• If a Joint Resolution of Disapproval passes the Congress and the President vetoes such Joint Resolution of Disapproval, the President is prohibited from relieving sanctions on Iran pursuant to the agreement for a period of 10 calendar days following the date of the President’s veto
    • Exception is kept intact for sanctions relief granted pursuant to the Joint Plan of Action if both consistent with the law in effect on the date of enactment of the Iran Nuclear Agreement Review Act and made not later than 45 calendar days before the transmission by the President of an agreement
  • Sense of Congress language added, including:
    • That this legislation does not require a vote by Congress for the agreement to commence
    • That this legislation provides for Congressional review, including for approval, disapproval, or no action on statutory sanctions relief under an agreement
    • Only Congress can permanently modify or eliminate the sanctions regime imposed on Iran
    • The fair and appropriate compensation for Americans who were held as hostages by Iran in 1979 and their families, the human rights abuses of the Government of Iran against its own people, and the continued support of terrorism worldwide by Iran are matters critical to the national security of the United States and should be expeditiously addressed
    • Sanctions on Iran for terrorism, human rights abuses, and ballistic missiles will remain in place under an agreement
    • Agreement should not compromise the commitment of the United States to Israel’s security, nor its support for Israel’s right to exist
  • Provision was added that the President shall keep the appropriate Congressional committees and leadership fully and currently informed of all aspects of Iranian compliance with respect to agreement
  • Time period during which President shall make a determination as to whether a potentially significant breach or compliance issue constitutes a material breach has been extended from 10 calendar days to 30 calendar days
  • Additional items to the President’s reporting requirements include:
    • Any procurement by Iran of materials in violation of the agreement or which could otherwise significantly advance Iran’s ability to obtain a nuclear weapon
    • Any centrifuge research and development conducted by Iran that may substantially enhance the breakout time of acquisition of a nuclear weapon by Iran, if deployed
    • Any covert nuclear activities undertaken by Iran, including any covert nuclear weapons-related or covert fissile material activities or research and development
    • Iran’s advances in its ballistic missile program, including development related to its long-range and inter-continental ballistic missile programs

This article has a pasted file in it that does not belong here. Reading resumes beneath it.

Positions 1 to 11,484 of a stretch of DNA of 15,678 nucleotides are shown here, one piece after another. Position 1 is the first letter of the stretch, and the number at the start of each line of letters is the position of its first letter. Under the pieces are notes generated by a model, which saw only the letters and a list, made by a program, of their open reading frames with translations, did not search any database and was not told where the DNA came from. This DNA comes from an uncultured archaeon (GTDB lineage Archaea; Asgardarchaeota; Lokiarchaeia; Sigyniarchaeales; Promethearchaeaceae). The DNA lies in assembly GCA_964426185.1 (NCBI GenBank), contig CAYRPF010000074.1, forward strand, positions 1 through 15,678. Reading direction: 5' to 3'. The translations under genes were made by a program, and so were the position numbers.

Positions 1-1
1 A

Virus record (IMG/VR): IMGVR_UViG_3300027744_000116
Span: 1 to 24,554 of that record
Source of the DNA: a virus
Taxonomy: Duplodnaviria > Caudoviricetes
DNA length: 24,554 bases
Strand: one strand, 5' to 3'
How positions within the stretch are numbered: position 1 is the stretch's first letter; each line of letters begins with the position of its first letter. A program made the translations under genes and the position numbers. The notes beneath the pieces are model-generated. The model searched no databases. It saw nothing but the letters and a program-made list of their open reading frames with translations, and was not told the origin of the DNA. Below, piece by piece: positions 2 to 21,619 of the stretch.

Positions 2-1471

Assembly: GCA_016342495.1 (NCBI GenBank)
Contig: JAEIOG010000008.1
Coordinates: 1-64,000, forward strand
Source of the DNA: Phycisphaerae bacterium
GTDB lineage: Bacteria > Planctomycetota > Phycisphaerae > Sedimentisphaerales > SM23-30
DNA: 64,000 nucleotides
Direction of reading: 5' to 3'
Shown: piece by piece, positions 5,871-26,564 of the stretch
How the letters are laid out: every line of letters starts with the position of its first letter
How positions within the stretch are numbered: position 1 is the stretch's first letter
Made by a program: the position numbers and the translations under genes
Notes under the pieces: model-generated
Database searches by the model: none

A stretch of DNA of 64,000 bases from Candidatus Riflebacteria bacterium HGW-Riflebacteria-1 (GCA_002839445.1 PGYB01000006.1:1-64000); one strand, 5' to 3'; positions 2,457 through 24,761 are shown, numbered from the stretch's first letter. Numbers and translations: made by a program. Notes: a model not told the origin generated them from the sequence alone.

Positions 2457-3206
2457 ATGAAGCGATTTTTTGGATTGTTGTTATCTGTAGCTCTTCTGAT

• An assessment of:
      • Whether Iran directly supported, financed, planned, or carried out an act of terrorism against the United States or a United States person anywhere in the world;
      • Whether, and the extent to which, Iran supported acts of terrorism, including acts of terrorism against the United States or a United States person anywhere in the world;
      • All actions, including in international fora, being taken by the United States to stop, counter, and condemn acts by Iran to directly or indirectly carry out acts of terrorism against the United States and United States persons;
      • The impact on the national security of the United States and the safety of American citizens as a result of any Iranian actions reported under this paragraph; and
      • All of the sanctions relief provided to Iran, pursuant to the agreement, and a description of the relationship between each sanction waived, suspended, or deferred and Iran’s nuclear weapons program
    • An assessment of whether violations of internationally recognized human rights in Iran have changed, increased, or decreased, as compared to the prior 180-day period
  • Certification requirements as to whether Iran has carried out an act of terrorism against the United States or a United States person are removed
  • An agreement subject to this legislation is defined as an agreement related to the nuclear program of Iran that includes the United States, commits the United States to take action, or pursuant to which the United States commits or otherwise agrees to take action, regardless of the form it takes, whether a political commitment or otherwise, and regardless of whether it is legally binding or not, including any joint comprehensive plan of action entered into or made between Iran and any other parties
  • Material breach is also defined, in the case of non-binding commitments, to any failure to perform those commitments